Venkatasubba Rao, J.
1. By my preliminary judgment, dated the 2nd May, 1928, I declared that the plaintiff was entitled to have an account taken of the affairs of the partnership as on the date of the death of his father, namely, the 13th August, 1908. After making that declaration, without forthwith referring the case to the Official Referee, I granted an adjournment at the request of the 6th defendant's counsel, who wanted time to consider his position in regard to his filing an appeal from my judgment. I understand that no appeal has been filed and I am now asked to deal with certain questions of accountability arising between the parties. The plaintiff's right would arise only if it be found that some amount is due to him; but all parties have desired me to first deal with these questions even before the accounts are taken. That means, of course, that the parties believe that the accounts, if gone into, will disclose that a substantial sum is due to the plaintiff. It is on this hypothesis that I am now dealing with the questions raised.
2. For ready reference, I reproduce a part of the pedigree set forth in my preliminary judgment.
Muralidas, diet 24th Govardhandas, died
April, 1907. Married 26th September, 1909.
Yasodabai or Married Kammubai,
Jessubai or Jessu. D. 5. Died January,
Putlibai alias Krishnadoss. Gokuldas, 1st Dwarakadas, 2nd
Nani or Nanu. Born 16th May, defendant. defendant. Horn
Married 1884. Married Born 6th April, 12th November,
Laldas. Radhabai, 1885. Married 1891. Died 14th
| 4th defendant. Gangabai. January, 1925.
| | Md. Jamnabai.
| | |
Jayakrihna, Babu alias Ramdas, 3rd
died young. Govindas. defendant.
Born 18th Born 9th August,
November, 1907. 1914.
3. I have held that the partnership consisted of Muralidas, Govardhandas, Krishnadas and Gokuldas. Murali died in 1907, Krishnadas, the plaintiff's father, in 1908 and Govardhan in 1909. Gokuldas, the 1st defendant, became the surviving partner, who, without winding up the affairs of the dissolved firm, continued the business employing its assets. This has given rise to the questions that have now been argued before me.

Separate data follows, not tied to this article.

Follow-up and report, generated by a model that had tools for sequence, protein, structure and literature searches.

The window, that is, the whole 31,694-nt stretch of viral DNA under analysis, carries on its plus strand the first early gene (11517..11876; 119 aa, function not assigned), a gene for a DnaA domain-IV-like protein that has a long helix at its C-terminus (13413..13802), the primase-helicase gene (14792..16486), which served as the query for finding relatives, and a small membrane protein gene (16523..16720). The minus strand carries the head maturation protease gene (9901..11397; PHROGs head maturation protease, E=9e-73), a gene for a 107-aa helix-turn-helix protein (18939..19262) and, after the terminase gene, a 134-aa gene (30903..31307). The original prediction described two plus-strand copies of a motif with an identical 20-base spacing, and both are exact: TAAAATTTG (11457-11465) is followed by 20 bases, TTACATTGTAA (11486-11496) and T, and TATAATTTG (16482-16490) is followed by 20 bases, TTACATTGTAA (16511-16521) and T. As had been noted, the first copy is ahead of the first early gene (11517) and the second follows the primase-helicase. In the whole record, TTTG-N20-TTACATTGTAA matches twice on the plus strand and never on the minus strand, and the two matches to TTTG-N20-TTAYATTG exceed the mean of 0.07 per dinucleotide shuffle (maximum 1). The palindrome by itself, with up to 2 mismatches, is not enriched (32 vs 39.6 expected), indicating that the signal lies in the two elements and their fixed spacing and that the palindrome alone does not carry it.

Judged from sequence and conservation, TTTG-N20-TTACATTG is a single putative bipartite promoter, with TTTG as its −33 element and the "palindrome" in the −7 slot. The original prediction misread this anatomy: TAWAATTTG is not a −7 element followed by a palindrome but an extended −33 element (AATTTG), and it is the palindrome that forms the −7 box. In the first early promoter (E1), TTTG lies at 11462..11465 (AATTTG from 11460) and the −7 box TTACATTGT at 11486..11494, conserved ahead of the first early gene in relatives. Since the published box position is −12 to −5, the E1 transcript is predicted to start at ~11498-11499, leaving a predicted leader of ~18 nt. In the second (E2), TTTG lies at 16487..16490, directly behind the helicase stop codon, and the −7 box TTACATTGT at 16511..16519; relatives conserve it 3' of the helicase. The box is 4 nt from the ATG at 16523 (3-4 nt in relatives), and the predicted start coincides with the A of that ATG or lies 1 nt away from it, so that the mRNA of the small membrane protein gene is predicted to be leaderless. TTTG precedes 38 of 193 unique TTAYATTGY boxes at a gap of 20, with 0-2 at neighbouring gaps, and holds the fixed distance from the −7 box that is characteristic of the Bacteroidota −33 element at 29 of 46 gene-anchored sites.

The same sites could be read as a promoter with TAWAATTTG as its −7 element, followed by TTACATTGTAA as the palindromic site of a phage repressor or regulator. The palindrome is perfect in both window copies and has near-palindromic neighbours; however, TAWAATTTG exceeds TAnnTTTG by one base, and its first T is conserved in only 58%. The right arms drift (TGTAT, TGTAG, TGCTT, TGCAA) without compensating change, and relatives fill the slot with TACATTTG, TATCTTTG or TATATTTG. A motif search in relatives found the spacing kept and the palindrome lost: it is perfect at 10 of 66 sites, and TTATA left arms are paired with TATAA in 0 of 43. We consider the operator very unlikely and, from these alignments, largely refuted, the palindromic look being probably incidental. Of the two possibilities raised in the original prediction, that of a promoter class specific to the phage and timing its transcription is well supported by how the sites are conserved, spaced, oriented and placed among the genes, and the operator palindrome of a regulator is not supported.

4. There can be no doubt as regards the true legal position of Gokuldas as the surviving partner of the firm. The plaintiff was, at his father's death, an infant about nine months old and, when Govardhan died, had not completed his second year. On him devolved the interest of Krishnadas in the partnership. It was the duty of Gokul to have wound up the dissolved partnership and for that purpose, if necessary, he was entitled to carry on and continue the business. He was under a duty to realize the assets, fulfil the existing obligations, pay off the debts and ascertain the extent of the surplus property remaining, that became divisible between the partners. The plaintiff and Gokul would be the joint owners of that residue and in what shares they owned it would depend upon the state of the account between the partners inter se. This is the course clearly indicated by the law and if this course had been followed, rights of third parties would not have come into existence conflicting with the plaintiff's rights and the surplus to the extent of his share would have been at his disposal. But, instead of following this course, Gokul (this is not disputed) continued and carried on the business--not with a view to wind it up and bring it to a speedy close--but conducted the trade as an ordinary trader would, incurring new obligations and entering into fresh transactions. An extensive business was carried on in this way for several years till Gokul-das failed in trade and was adjudged an insolvent in 1924. The assets of the partnership at the death of Krishnadas consisted inter alia of many items of valuable immoveable property worth some lakhs and Gokuldas, it is alleged, mortgaged several of them for debts borrowed in the course of the trade which he subsequently carried on for his own benefit. For the plaintiff it is contended, that he is entitled to proceed against what was at the dissolution, the property of the firm and recover out of it, his share, when that is determined. The contention put forward is, that, under the law, the partnership property has first to be applied in discharge of the firm's debts and when that is done and the surplus is ascertained, each of the partners has a right, which cannot be defeated, to receive his share out of the surplus assets. The plaintiff's position may be thus stated: as the surviving partner Gokul had certain powers; those powers were in a sense plenary, that is to say, he could validly sell or mortgage the properties of the dissolved firm, provided (the proviso is important) the acts done were in the course of, or for the winding up of, the partnership. The plaintiff concedes that this rule is qualified to this extent, namely, that if third parties dealt with Gokul in the reasonable belief that a given sale or mortgage was necessary for the proper winding up, the title such third parties acquired would not be defeated, although in point of fact, there was absence of necessity, or the money raised was misapplied. The plaintiff contends that, if, after paying off partnership debts and after making due provision in favour of transactions of the kind mentioned' above, there remains a surplus, he is entitled as the representative of the deceased partner, to proceed against that surplus, for recovering in specie, what may be found to be his share. To this, the answer of the Official Assignee is, that what is due to the plaintiff is a debt pure and simple due from Gokul, that the former can recover that debt out of the estate of Gokul, just in the same manner as any other creditor can. In other words, he contends that the plaintiff has no special rights over and above any ordinary creditor of Gokul and that he (the plaintiff) ranking as such creditor, is at liberty, if he chooses, to prove his debt in insolvency and receive a dividend out of the bankrupt's estate. This is the contention put forward on behalf of unsecured creditors by the Official Assignee. Then as regards secured creditors, they maintain that in law, the right of the surviving partner to deal with partnership property is, that of an unqualified owner and whatever right the plaintiff may have against Gokul, that right cannot defeat the interest created in the property by the latter in their favour. These are the points on which I am now asked to give my decision. This part of the ease has been fully argued by Mr. S. Duraiswami Aiyar for the plaintiff and by Sir C.P. Ramaswami Aiyar, as well as the Advocate-General, for the defence. The contentions seem, in my opinion, to involve points which are fairly simple.